Now, ZDNet's Ed Bott, trys to de-tangle the mess Microsoft will unleash for people wanting to upgrade to Windows 7: See if you can follow this Chinese puzzle.
Almost exactly two years ago, I wrote about “Microsoft’s licensing mess.” Judging by my mailbag, nothing has changed in the meantime. Microsoft has done an exceptional job of designing Windows 7, but a terrible job of communicating how it will be sold. As Microsoft dribbles out details of the Windows 7 release schedule and product lineup, including pricing and upgrade offers, I’ve been deluged with questions from readers about whether they qualify for a Windows 7 upgrade and, if so, what’s the simplest, most cost-effective way to acquire it.
Before I dive into the Q&A section, it’s worth taking a second to clear up the source of much of the confusion I’m encountering. In the often bewildering world of Windows licensing, the word upgrade has two separate and distinct meanings. The first refers to the license that you purchase, which in turn allows you to run Windows on a specific PC. The second refers to a mode of setup, where you keep installed programs and personal data files while replacing the underlying operating system.
Confused? Let’s see if I can untangle things.
I’m currently running the Windows 7 Ultimate Release Candidate. What are my upgrade options?
From a licensing point of view, your installed copy of Windows is irrelevant. What matters is the sticker on the side of the PC. If you have a Certificate of Authenticity for Windows XP or Windows Vista on that computer (or a certificate of authenticity from a retail copy of Windows that has been assigned to that machine), you qualify for an upgrade license to any edition of Windows 7.
As for the installation itself, you are subject to the following technical limitations:
- An upgrade installation is blocked on the RC build (7100). To perform an in-place upgrade, you must modify an installation file using the technique described here.
- Because you are running Ultimate edition, your only option for an in-place upgrade is to install Windows 7 Ultimate edition.
- You cannot change from Windows 7 x86 (32-bit) to x64 (64-bit) or vice versa. If you’ve been testing the 32-bit version and you want to go 64-bit, you’ll need to do a custom install.
I am currently running a licensed copy of Windows Vista Ultimate. Do I have to upgrade to Windows 7 Ultimate?
Again, there’s a two-part answer here. From a licensing point of view, you qualify for an upgrade license to any edition of Windows 7. As far as installing the upgrade, that’s another story. You can’t downgrade as part of an installation, so if you decide to move from Vista Ultimate to Windows 7 Home Premium or Professional, you’ll need to do a custom installation. You can upgrade from any lower version to the same edition or a higher one, with some exceptions. So if you’re running Vista Home Premium, you can perform an upgrade to Windows 7 Home Premium or Ultimate. [Update: Microsoft has published several documents purporting to describe how upgrades will work and has retracted at least one of them. Until the final code is released, it's impossible to confirm which versions are correct.]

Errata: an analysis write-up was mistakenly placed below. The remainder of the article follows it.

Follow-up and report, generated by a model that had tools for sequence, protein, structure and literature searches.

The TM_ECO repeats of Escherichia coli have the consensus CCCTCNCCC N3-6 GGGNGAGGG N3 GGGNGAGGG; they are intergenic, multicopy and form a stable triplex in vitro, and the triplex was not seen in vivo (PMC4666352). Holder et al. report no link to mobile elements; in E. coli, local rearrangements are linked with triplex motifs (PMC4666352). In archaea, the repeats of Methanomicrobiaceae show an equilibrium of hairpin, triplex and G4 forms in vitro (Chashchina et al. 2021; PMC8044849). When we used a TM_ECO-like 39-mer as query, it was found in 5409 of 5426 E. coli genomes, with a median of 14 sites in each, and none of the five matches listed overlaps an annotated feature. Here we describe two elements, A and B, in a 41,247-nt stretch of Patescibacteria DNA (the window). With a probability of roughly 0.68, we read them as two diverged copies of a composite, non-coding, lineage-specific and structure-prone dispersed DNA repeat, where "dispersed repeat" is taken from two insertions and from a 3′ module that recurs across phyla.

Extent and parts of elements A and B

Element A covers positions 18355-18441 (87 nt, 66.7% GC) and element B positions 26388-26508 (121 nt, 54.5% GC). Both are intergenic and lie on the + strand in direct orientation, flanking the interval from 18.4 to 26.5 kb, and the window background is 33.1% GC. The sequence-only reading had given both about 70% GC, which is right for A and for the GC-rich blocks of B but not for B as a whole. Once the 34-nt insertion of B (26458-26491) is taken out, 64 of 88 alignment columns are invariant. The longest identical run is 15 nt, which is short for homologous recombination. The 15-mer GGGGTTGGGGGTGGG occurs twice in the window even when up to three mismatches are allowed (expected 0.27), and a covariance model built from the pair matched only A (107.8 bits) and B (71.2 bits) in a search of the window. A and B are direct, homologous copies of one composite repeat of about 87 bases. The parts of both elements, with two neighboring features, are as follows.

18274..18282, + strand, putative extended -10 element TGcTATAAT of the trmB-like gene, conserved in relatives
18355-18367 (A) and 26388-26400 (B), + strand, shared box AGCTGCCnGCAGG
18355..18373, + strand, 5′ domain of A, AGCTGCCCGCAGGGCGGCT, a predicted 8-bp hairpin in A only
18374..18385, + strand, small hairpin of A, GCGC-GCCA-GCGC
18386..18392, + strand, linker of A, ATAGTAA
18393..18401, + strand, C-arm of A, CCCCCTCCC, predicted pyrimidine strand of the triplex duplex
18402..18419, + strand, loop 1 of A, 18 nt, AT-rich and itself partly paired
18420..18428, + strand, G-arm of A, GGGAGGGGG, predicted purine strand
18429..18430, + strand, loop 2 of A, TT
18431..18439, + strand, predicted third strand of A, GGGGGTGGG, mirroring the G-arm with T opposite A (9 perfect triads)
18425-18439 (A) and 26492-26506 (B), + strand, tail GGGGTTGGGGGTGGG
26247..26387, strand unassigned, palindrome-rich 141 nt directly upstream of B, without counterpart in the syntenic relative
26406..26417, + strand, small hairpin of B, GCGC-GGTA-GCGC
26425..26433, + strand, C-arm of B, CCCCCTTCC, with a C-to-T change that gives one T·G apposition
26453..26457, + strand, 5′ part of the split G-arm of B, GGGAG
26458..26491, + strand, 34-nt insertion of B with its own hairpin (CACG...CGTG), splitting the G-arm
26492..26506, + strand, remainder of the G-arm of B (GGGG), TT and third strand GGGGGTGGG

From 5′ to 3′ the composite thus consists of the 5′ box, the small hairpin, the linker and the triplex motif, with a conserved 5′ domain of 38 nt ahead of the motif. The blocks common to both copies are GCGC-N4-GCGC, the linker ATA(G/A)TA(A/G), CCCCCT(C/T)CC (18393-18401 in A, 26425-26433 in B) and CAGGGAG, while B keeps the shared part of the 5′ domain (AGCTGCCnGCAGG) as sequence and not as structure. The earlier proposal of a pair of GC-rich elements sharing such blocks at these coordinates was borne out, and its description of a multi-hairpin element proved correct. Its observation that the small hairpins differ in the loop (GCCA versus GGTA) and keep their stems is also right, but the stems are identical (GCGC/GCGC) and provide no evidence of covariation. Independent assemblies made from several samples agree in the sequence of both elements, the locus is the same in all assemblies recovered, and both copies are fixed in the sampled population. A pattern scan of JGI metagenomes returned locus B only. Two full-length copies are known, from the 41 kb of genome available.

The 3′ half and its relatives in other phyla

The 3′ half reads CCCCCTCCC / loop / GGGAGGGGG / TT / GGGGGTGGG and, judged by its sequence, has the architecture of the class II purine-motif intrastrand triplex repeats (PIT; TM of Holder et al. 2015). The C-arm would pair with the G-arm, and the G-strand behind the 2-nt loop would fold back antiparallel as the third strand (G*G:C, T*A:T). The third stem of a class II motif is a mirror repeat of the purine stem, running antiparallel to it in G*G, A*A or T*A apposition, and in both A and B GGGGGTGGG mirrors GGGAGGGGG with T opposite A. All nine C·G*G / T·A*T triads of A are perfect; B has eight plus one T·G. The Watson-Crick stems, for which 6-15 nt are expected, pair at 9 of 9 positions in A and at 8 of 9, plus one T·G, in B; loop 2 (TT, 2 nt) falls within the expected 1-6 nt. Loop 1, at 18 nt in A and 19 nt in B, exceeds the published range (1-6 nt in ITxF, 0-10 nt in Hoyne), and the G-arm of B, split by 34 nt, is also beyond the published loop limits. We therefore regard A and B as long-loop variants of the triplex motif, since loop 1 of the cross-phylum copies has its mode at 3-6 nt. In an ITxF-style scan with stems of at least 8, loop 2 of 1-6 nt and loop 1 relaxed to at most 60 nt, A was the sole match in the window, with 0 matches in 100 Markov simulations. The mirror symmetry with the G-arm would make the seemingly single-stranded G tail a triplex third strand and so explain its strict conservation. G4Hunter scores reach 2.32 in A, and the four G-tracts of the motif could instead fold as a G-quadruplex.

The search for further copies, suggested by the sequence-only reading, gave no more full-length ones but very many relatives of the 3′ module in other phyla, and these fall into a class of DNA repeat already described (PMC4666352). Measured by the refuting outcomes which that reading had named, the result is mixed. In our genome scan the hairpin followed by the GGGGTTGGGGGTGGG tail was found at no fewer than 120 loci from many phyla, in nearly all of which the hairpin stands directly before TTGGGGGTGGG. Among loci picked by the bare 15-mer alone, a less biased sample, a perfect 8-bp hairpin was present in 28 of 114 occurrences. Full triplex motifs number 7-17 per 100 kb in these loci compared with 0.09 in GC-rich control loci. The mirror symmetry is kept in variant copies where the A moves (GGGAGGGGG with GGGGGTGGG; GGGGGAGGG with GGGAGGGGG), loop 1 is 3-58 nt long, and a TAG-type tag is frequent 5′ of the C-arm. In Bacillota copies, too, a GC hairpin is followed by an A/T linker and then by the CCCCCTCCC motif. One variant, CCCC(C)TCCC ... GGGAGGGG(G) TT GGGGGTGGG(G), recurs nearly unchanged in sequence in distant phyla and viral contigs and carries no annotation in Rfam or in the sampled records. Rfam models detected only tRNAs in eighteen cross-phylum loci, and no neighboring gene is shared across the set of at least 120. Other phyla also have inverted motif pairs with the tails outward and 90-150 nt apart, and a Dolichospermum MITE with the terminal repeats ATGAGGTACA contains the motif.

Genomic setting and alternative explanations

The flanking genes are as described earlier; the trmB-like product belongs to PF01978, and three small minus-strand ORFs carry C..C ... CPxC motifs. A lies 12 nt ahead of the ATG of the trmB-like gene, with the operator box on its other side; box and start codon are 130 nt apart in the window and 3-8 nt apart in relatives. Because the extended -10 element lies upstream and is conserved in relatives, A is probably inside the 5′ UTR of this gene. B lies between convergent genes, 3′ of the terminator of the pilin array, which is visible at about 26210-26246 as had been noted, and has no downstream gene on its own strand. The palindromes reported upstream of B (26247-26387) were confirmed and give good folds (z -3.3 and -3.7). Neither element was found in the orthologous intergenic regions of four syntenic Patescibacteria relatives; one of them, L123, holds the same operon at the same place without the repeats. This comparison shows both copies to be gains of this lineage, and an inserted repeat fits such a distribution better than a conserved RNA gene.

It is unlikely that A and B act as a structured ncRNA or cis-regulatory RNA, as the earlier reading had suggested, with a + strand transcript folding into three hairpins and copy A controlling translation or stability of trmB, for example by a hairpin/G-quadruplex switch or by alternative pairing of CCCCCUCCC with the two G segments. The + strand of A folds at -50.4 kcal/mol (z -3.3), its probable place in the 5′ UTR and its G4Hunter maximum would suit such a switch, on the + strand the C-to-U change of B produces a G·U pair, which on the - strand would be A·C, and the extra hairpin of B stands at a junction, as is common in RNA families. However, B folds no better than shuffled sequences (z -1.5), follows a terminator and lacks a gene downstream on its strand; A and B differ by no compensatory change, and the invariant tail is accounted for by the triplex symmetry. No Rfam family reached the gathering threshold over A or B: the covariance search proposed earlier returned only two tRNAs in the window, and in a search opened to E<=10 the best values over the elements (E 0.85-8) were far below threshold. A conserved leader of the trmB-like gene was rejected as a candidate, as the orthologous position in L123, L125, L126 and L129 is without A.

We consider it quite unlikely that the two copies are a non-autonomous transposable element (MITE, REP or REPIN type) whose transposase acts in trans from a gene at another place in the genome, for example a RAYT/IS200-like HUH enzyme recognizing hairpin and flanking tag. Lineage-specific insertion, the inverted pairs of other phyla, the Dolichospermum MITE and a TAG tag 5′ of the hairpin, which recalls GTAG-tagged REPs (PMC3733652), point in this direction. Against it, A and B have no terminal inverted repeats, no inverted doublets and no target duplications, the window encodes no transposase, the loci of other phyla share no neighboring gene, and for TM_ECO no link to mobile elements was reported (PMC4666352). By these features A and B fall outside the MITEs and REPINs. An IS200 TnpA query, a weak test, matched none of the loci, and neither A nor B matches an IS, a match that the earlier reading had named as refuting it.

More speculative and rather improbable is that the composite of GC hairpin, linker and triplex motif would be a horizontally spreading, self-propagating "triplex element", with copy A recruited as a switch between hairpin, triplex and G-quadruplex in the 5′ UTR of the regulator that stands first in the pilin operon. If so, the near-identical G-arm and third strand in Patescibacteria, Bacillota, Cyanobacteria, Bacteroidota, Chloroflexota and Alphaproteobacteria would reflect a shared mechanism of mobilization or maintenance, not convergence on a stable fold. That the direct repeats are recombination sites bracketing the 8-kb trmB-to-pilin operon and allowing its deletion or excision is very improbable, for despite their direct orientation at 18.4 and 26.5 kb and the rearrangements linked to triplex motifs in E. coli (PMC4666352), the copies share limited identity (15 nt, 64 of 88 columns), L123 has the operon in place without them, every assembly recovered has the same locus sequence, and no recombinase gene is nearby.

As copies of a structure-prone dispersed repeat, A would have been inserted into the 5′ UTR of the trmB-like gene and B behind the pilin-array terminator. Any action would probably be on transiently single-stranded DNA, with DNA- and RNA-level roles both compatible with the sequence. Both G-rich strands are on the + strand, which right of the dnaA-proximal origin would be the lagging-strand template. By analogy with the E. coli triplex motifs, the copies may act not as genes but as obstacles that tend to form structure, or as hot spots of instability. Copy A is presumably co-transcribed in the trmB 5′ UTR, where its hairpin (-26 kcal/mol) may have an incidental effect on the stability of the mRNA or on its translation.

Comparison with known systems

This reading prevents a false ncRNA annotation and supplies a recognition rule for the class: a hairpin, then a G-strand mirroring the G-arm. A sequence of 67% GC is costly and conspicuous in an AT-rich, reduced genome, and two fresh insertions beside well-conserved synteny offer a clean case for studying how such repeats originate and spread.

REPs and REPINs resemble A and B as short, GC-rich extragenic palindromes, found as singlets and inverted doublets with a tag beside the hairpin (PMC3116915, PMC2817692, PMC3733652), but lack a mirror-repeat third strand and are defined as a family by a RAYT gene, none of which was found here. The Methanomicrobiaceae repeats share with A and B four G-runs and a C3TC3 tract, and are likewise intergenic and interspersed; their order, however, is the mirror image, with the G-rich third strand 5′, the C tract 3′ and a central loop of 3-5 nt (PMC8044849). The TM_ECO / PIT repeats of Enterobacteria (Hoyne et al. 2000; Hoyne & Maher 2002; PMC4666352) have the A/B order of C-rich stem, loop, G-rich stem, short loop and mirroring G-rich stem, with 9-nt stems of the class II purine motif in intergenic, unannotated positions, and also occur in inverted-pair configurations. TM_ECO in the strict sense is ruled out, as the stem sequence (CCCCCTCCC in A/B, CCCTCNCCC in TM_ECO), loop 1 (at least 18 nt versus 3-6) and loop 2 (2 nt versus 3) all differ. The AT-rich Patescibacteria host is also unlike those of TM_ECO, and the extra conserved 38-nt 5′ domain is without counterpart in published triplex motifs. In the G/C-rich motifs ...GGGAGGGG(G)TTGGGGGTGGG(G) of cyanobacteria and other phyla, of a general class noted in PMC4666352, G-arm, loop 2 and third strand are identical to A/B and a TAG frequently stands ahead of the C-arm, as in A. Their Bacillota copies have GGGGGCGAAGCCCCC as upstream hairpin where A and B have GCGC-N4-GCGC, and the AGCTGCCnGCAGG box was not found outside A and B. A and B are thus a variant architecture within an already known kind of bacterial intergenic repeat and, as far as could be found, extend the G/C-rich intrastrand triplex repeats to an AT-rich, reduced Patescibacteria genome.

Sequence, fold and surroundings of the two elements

Is it fair that I have to pay the same price to upgrade from Windows Vista Ultimate as someone running Windows XP Home or Vista Home Basic?
No, it’s not fair. But the alternative would be ludicrously complicated.
What’s the difference between an OEM license, an upgrade license, a full license, and a volume license?
Can I just explain the infield fly rule? That would be easier. Seriously.
No? OK, fine:
- An OEM Windows license is one that’s included with a new computer. The top 20 manufacturers get insanely great discounts on Windows compared to retail costs. This license is locked to the computer on which it’s installed.
- A System Builder OEM license has a much lower discount but is still a pretty good deal with a new PC from a small system builder.
- An upgrade license is a discounted retail copy of Windows that can only be installed on a system that already has an OEM or full license.
- A full license is sold at retail and is intended for use on a computer that was not sold with Windows originally. The price is horrendously high.
- Volume licenses are sold in bulk to corporate customers, in quantities of five or more at a time. A volume license is available as an upgrade only.
You keep mentioning a “custom installation.” Is that the same as a clean install?
Not exactly. A custom installation allows you to install Windows on a freshly formatted partition, which is the definition of a clean install. But you can also use a custom installation to set up Windows on a drive that already has Windows installed on it, without wiping out the previous installation. Your old system and data files go in a folder called Windows.old.
I’m running the Windows 7 RC. But the pre-order upgrade offer from Microsoft says I have to be running a genuine copy of Windows XP or Windows Vista. So do I have to pay full price and buy a full license?
No. You qualify for upgrade pricing (assuming that the system originally included a licensed copy of Windows XP or Vista and has a Certificate of Authenticity) but are free to do a custom installation.
I am using Windows Vista Home Basic now. How can I upgrade to Windows 7 Home Basic?
You can’t. At least, not if you live in the United States, Western Europe, Japan, Australia, New Zealand, or the rest of the “developed world.” Beginning with Windows 7, Home Basic is available only in so-called emerging markets.
How do I do a clean install without wiping out all my data?
No one knows yet. Microsoft has apparently changed the upgrade rules for Windows 7. When I get a chance to test the upgrade media, you’ll be the first to know.